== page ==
2
$\begingroup$

The set is the complement of $A$, where

$A = \left\{\frac{n+1}{n} \, | \, n \in \{1,2,...\}\right\} \subset \mathbb{R}$

The complement of $A$ is not open in $\mathbb{R}$ because any ball with centre $1$, contains elements of $A$.

But we proved a theorem in class showing that any open subset of $\mathbb{R}$ is the union of a countable collection of intervals.

$A$ looks like its countable distinct points, so the compliment would be the union of a countable collection of disjoint open intervals.

But then the complement of $A$ would be open, which it isn't.

I'm very confused. I would greatly appreciate any clarification you could offer me.

$\endgroup$
  • $\begingroup$ Compliment $\leadsto$ complement. $\endgroup$ – Clement C. Apr 29 '17 at 22:11
  • 5
    $\begingroup$ The complement of $A$ is a countable union of disjoin intervals, but one of these intervals is not open! Precisely, one of the intervals composing $A^c$ is $(- \infty ; 1]$ which is not an open interval. $\endgroup$ – Crostul Apr 29 '17 at 22:13
  • 1
    $\begingroup$ Have you tried drawing the complement of $A$? It's not the union of countably many disjoint open intervals. It's the union $(- \infty , 1 ] \cup (1,2) \cup (2,3) \cup \dots $ $\endgroup$ – Mauro Apr 29 '17 at 22:13
  • $\begingroup$ $(\infty, 1]$ is a subset of $A^c$. $(\infty, 1]$ is a *closed interval. That keeps $A^c$ being a countable union of open intervals $\endgroup$ – fleablood Apr 29 '17 at 22:14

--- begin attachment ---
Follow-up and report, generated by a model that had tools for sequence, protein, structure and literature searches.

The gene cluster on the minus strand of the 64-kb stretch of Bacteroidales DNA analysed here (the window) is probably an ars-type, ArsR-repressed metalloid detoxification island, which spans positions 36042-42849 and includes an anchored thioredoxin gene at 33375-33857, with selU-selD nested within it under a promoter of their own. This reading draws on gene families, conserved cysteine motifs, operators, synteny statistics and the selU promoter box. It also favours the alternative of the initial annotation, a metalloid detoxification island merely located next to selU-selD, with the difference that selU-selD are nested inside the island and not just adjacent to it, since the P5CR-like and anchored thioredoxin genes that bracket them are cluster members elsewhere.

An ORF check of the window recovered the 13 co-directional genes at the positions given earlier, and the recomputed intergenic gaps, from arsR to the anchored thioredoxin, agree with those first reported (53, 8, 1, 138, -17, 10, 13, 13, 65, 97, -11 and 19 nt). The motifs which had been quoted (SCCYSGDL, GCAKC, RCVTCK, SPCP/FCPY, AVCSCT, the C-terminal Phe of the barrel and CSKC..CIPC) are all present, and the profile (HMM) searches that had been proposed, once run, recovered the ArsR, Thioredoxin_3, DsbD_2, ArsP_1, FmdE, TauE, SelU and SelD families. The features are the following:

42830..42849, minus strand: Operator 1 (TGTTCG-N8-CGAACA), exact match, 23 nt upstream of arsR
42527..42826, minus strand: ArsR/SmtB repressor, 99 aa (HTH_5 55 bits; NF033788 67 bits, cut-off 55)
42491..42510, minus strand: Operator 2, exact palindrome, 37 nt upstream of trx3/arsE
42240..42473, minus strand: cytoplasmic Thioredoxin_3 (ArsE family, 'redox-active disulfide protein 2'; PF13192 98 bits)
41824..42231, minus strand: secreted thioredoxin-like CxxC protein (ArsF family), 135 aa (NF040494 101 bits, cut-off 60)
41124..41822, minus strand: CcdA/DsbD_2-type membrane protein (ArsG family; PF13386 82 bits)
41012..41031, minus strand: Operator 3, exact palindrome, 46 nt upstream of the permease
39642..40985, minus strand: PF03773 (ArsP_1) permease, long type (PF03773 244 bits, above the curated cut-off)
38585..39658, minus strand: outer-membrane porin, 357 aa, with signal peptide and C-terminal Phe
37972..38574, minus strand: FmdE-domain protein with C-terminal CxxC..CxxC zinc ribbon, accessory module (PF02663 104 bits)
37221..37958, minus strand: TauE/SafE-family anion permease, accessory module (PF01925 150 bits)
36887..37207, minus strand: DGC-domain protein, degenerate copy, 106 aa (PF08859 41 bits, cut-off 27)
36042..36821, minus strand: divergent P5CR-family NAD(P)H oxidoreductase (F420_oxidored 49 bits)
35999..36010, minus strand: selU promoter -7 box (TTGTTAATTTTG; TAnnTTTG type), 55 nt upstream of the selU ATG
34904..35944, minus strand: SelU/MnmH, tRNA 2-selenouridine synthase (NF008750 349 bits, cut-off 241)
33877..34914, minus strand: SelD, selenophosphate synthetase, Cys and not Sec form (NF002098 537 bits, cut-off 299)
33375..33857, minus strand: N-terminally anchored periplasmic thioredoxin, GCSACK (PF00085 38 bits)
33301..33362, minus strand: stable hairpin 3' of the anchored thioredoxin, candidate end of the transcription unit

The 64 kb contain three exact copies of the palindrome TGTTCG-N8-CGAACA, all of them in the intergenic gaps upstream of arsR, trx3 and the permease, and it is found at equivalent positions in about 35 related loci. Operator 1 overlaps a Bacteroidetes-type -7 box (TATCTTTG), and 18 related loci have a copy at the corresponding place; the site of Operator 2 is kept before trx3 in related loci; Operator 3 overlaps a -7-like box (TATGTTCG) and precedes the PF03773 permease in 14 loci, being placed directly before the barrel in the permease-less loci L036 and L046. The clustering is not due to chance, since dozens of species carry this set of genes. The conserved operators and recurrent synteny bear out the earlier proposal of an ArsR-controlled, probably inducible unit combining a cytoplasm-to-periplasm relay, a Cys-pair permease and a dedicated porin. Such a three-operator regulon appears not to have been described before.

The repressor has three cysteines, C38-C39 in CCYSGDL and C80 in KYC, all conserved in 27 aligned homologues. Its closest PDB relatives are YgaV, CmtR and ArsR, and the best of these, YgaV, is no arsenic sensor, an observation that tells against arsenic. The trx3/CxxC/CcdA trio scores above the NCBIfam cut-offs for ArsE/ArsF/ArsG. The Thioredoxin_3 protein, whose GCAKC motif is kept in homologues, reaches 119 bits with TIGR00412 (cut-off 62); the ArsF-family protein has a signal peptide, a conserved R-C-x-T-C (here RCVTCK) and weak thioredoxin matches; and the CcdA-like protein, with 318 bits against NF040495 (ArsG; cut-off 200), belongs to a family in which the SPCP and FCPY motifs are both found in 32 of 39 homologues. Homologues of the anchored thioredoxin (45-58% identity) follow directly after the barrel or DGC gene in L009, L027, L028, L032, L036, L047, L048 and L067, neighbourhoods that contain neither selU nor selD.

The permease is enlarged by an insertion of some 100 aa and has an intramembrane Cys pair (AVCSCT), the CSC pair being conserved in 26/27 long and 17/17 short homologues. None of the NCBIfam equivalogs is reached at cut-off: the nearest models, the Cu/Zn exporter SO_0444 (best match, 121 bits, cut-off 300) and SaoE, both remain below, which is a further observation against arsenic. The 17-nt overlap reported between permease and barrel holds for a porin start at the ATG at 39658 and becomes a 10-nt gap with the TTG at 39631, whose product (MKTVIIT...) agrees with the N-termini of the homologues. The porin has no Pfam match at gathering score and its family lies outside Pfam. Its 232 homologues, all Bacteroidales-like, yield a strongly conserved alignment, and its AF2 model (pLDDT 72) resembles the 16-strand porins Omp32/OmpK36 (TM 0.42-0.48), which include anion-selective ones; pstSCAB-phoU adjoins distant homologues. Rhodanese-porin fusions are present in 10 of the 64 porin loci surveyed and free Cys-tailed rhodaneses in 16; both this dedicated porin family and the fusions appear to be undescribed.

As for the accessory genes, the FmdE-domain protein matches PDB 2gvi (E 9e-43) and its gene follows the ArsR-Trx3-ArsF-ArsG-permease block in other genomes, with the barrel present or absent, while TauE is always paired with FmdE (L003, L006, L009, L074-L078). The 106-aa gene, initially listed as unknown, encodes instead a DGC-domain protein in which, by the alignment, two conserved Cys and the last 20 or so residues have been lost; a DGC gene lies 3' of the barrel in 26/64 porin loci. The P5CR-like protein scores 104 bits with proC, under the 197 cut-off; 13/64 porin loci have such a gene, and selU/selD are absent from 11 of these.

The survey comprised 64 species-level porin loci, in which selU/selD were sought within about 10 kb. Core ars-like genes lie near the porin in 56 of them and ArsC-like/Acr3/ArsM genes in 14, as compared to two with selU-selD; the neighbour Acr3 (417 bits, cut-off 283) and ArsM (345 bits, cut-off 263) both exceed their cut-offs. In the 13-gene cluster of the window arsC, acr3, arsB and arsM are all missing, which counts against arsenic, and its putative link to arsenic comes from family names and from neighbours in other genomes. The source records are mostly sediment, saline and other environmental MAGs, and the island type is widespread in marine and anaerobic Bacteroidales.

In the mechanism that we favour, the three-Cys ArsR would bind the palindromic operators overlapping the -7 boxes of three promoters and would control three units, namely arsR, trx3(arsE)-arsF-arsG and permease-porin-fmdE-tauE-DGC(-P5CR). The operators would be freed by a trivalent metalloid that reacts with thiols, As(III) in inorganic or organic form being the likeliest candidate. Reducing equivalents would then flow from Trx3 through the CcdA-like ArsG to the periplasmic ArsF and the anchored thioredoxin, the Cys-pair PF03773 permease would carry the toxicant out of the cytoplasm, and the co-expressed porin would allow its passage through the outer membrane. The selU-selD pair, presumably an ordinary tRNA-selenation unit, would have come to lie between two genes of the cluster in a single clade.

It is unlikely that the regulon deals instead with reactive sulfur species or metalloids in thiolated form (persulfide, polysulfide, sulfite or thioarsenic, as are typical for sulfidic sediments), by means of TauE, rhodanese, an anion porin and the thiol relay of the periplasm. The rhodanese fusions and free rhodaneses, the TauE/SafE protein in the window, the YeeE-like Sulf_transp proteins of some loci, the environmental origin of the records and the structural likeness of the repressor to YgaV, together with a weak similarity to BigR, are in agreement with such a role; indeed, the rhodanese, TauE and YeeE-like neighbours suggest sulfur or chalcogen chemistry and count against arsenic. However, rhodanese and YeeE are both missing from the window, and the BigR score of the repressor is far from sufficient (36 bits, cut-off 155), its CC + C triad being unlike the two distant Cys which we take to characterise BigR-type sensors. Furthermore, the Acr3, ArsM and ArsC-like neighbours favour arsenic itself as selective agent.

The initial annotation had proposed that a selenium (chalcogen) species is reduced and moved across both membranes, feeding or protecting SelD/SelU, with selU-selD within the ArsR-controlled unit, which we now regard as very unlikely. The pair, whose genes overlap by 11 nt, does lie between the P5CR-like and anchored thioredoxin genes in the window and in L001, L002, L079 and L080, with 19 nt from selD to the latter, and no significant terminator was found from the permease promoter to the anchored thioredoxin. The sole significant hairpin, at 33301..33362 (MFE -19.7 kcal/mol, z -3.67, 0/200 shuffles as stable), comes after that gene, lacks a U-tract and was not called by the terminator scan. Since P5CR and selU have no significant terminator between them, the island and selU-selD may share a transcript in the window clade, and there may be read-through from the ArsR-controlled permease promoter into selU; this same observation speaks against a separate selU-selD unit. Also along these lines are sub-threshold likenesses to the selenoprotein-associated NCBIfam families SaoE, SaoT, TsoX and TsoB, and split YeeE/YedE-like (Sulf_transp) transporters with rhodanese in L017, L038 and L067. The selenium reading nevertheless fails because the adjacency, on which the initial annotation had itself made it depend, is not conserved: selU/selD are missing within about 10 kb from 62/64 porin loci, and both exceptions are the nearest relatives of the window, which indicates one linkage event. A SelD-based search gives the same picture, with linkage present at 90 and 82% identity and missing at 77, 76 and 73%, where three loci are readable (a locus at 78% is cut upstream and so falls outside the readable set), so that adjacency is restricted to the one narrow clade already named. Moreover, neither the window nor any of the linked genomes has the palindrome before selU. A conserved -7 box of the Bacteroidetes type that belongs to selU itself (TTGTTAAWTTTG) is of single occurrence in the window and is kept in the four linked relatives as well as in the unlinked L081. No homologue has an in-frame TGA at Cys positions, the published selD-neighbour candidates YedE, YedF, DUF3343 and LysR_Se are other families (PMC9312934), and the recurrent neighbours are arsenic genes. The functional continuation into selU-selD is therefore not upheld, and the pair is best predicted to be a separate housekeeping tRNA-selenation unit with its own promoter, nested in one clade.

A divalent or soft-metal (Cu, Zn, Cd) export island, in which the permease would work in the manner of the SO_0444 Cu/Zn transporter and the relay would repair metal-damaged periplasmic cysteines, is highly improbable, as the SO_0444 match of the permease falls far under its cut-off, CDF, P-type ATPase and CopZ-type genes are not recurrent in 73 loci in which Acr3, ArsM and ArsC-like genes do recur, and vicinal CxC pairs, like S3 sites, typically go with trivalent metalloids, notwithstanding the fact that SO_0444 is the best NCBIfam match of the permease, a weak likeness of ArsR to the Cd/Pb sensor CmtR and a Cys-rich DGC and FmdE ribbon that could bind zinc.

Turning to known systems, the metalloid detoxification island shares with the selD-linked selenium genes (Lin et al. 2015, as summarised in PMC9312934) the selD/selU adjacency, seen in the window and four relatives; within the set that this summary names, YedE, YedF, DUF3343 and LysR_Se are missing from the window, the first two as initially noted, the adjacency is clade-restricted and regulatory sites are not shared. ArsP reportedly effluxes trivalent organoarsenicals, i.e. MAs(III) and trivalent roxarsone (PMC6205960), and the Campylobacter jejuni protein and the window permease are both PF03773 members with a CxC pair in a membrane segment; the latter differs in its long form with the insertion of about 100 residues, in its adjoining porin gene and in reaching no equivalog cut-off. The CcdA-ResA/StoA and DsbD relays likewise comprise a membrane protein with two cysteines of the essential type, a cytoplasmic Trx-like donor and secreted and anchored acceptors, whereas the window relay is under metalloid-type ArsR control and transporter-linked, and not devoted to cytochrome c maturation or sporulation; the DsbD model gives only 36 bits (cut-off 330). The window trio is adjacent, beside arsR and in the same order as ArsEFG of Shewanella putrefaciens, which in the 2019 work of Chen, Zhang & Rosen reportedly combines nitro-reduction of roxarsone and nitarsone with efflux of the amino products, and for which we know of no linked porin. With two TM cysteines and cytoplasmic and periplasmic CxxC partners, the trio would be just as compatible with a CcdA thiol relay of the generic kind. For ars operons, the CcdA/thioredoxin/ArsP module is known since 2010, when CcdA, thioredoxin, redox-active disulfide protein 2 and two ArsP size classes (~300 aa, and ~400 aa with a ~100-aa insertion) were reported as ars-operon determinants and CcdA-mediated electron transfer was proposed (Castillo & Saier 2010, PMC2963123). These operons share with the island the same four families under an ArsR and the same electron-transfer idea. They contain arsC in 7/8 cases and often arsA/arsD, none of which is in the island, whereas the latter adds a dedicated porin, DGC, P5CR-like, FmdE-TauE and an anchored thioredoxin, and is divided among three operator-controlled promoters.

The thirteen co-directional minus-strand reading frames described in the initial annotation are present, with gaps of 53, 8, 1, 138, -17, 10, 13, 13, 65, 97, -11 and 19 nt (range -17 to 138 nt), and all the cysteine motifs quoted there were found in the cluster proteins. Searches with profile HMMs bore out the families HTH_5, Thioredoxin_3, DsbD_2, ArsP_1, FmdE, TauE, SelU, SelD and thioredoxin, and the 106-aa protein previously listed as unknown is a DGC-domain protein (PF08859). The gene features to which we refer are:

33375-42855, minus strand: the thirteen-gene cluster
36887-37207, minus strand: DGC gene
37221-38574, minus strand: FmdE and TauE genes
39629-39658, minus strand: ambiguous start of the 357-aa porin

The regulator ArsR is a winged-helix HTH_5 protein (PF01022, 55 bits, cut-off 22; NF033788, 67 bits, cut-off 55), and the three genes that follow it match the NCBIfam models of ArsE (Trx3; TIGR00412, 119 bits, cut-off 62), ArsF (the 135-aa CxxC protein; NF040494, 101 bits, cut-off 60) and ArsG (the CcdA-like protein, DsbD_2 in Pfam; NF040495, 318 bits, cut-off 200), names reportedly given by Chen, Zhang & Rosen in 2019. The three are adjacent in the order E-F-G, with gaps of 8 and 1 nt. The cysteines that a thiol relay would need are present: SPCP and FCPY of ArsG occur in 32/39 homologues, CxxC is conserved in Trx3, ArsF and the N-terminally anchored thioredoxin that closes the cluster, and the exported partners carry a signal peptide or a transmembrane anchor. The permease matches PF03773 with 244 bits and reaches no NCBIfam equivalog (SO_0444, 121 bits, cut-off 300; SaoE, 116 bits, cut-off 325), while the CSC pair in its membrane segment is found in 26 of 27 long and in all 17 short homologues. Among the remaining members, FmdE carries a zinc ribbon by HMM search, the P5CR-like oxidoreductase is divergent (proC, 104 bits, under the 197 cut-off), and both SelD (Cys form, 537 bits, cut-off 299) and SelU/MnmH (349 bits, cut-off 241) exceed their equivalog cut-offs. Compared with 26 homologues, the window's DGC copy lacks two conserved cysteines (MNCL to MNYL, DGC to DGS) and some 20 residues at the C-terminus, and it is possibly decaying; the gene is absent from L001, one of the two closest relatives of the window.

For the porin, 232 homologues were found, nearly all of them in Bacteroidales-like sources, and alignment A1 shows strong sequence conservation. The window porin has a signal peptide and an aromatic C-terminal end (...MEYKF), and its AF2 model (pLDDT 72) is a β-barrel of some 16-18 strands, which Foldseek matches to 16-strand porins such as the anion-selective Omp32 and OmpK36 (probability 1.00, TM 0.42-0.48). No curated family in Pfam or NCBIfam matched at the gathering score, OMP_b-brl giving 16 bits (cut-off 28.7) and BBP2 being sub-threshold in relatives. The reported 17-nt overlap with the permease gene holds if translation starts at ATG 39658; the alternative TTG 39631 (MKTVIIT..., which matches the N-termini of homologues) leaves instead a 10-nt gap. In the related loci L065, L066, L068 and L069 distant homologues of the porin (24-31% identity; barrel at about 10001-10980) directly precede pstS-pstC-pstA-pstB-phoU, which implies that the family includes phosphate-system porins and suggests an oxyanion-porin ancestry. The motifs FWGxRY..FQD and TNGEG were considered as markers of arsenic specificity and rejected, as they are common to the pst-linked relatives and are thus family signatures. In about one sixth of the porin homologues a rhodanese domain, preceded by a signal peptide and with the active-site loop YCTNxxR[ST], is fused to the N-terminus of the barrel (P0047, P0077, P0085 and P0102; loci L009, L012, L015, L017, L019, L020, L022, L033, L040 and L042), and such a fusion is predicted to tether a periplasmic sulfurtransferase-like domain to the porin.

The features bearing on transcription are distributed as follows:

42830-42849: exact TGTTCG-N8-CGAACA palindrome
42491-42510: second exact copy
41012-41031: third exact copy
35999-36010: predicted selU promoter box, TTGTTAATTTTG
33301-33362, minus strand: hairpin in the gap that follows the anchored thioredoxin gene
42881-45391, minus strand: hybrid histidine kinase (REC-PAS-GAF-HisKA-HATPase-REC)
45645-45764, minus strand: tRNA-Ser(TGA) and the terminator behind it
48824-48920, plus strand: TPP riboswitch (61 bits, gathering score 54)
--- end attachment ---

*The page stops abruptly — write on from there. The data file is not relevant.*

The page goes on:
• $\begingroup$ Thank you so much!!! I was being very silly. $\endgroup$ – emidude Apr 29 '17 at 22:16
1
$\begingroup$

The complement is not a countable union of open intervals because of the problem at $1$. You could try writing it like $$ (-\infty,1) \cup (2,\infty) \cup \bigcup_{n =1}^\infty \left( \frac{n+2}{n+1}-\frac{n+1}{n}\right)$$ but this excludes the point $1$. And there is no open interval containing $1$ which we could add to this union to get $A^C$, because as you said every such interval contains a point of $A$.

$\endgroup$
  • $\begingroup$ Yes! Thank you! $\endgroup$ – emidude Apr 29 '17 at 22:27

Your Answer

By clicking “Post Your Answer”, you agree to our terms of service, privacy policy and cookie policy

Not the answer you're looking for? Browse other questions tagged or ask your own question.